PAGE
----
Tankless Water Heater Buying Guide

Are you in the market for a tankless water heater? Not sure what you need? Bewildered by the different options? Our buyer’s guide will tell you everything you need to know before you buy a tankless water heater, from costs to how they work, and both pros and cons.

What is a Tankless Water Heater?

So...what do we mean when we say "tankless water heater"?

A tankless water heater is a device that heats water as it flows. It eliminates the need - as the name suggests - for a conventional tank water heater. A high powered tankless water heater can produce hot water in 10 to 15 seconds, heating as the water flows through a heat exchanger. Typically, they have copper heat exchangers because of their high thermal conductivity and ease of fabrication. And because a tankless water heater is smaller, they can be installed virtually anywhere in the home.

How Does a Tankless Water Heater Work?

A tankless water heater only fires into life when you turn on the hot water tap. As the water flows, a sensor detects the water entering the system and alerts the control panel to work its magic and produce hot water.

The control panel switches on a fan to draw in outside air, as the gas valves open and the burner ignites. All of this happens in a split-second.

The heat exchanger traps the warmth generated from the flames and transfers it to the water in the copper pipes. Mixing valves regulate the flow and heat, while temperature sensors monitor the water to ensure that it is the correct temperature. If any adjustments are needed, the control panel moderates the gas valves and water valves to increase or decrease the flow of water and heat.

Tankless water heater units can be situated anywhere in the home, but you will need an outside wall or roof to fit the vents that carry away the exhaust gasses.

How Much Does A Tankless Water Heater Cost?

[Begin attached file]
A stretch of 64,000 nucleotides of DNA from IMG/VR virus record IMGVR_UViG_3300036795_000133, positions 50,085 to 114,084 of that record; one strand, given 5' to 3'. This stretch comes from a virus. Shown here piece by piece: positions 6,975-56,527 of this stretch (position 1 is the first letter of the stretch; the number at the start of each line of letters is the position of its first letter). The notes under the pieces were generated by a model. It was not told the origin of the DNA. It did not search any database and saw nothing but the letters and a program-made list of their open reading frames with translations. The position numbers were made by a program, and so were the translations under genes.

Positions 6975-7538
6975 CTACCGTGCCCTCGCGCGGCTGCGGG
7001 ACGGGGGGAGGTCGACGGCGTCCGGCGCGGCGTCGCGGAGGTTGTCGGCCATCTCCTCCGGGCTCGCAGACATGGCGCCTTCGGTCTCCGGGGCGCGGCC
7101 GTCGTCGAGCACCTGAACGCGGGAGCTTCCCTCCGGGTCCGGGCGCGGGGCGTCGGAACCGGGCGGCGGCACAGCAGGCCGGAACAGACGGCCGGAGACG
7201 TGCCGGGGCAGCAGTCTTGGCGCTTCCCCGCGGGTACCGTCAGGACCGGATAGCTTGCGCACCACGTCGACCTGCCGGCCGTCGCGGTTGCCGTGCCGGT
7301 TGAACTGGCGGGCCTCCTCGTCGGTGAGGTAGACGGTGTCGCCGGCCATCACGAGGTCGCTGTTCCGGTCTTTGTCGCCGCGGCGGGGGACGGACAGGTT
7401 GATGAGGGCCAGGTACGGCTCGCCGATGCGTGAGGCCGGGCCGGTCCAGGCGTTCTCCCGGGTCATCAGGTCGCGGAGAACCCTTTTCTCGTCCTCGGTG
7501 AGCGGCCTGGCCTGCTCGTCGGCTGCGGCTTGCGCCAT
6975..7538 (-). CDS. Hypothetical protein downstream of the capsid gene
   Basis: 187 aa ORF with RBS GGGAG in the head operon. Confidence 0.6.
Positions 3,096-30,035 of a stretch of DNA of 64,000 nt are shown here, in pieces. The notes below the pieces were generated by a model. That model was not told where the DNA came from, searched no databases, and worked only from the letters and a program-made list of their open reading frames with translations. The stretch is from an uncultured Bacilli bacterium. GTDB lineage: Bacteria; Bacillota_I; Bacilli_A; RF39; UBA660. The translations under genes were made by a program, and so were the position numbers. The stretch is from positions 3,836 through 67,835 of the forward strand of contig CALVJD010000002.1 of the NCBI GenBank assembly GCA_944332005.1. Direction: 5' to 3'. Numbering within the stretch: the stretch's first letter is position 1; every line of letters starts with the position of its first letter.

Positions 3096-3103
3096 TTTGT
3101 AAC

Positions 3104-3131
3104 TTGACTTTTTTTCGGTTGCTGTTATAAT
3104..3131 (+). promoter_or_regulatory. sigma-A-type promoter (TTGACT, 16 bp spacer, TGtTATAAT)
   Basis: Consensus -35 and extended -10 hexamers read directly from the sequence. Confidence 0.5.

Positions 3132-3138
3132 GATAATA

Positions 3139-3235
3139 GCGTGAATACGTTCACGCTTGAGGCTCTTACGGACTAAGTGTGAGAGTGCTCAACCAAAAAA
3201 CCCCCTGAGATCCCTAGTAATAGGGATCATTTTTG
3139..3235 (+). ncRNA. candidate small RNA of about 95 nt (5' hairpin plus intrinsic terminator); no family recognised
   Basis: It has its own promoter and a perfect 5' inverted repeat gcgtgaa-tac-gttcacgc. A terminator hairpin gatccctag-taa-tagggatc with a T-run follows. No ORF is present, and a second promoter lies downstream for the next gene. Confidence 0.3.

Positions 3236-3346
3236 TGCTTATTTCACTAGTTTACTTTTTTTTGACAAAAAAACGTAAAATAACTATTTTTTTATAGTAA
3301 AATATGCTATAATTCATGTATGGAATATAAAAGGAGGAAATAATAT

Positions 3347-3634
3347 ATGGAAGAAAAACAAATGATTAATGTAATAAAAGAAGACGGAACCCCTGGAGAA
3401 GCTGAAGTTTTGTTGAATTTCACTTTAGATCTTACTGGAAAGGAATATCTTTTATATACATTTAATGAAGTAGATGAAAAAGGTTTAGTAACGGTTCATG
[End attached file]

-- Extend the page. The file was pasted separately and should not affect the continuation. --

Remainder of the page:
Prices vary for a gas-fired tankless water heater from around $200 to $4,500 for a central tankless water heater that provides hot water to your entire home. For electric tankless water heaters, the costs are a lot lower, with prices ranging from $100 to $1,000.

Rebates are Available

One of the best ways of bridging the cost gap between tankless water heater units and tank-type models is to search for utility rebates. Tankless water heater units are so efficient that they qualify for the federal Energy Star program, making them eligible for refunds. In some cases, the price gap could be eliminated, meaning that you get an upgrade at no extra cost, as well as 20 years of hassle-free hot water supply.

Do Tankless Water Heaters Need Much Maintenance?

When you have your tankless water heater installed, speak to the contractor about signing up for an annual service plan. It keeps your heater operational for years to come. If you live in a hard water area, it might be an idea to flush a water and vinegar solution through the system to remove any chalking or limescale from the heat exchanger. It only takes half an hour and keeps your water flow at a healthy level.

Think of your heat exchanger tubes like arteries; when they get blocked, the system fails.

The Advantages of a Tankless Water Heater

As with all forms of heating, there are pros and cons to each system, and a tankless water heater is no exception.

Continuous Flow of Hot Water

The main advantage is never running out of hot water. Powerful elements heat the water as it flows, giving you a never-ending supply. Unlike a tank-type water heater, where you have to wait for the entire 50-gallon tank to fill and heat, with a tankless, you only have to wait seconds for your hot water.

Efficiency

Newer condensing tankless water heater units have a second heat exchanger which collects the exhaust heat destined to get extracted out of the vents. This increases the efficiency of the heater by almost 17% when compared to first-generation tankless water heater technology. It all adds up to a 95% conversion of fuel to heat. Now that’s efficient.

That said, even the first-generation heaters are up to 22% more efficient compared to a tank-type heater. The Department of Energy (DOE) estimates that gas-fired tankless heaters save on average $108 per year when compared to a tank-type system. The tankless electric variety saves, on average, $44 per year.

Smaller in Size

Tanked water heaters are growing in size, thanks to federal rules that require increased insulation to reduce heat loss. Compare that to the average suitcase-size tankless model, and there is a world of difference. It means installing a tankless water heater requires minimal space, and they can be located anywhere there is a means of ventilation to the outdoors.

Increased Safety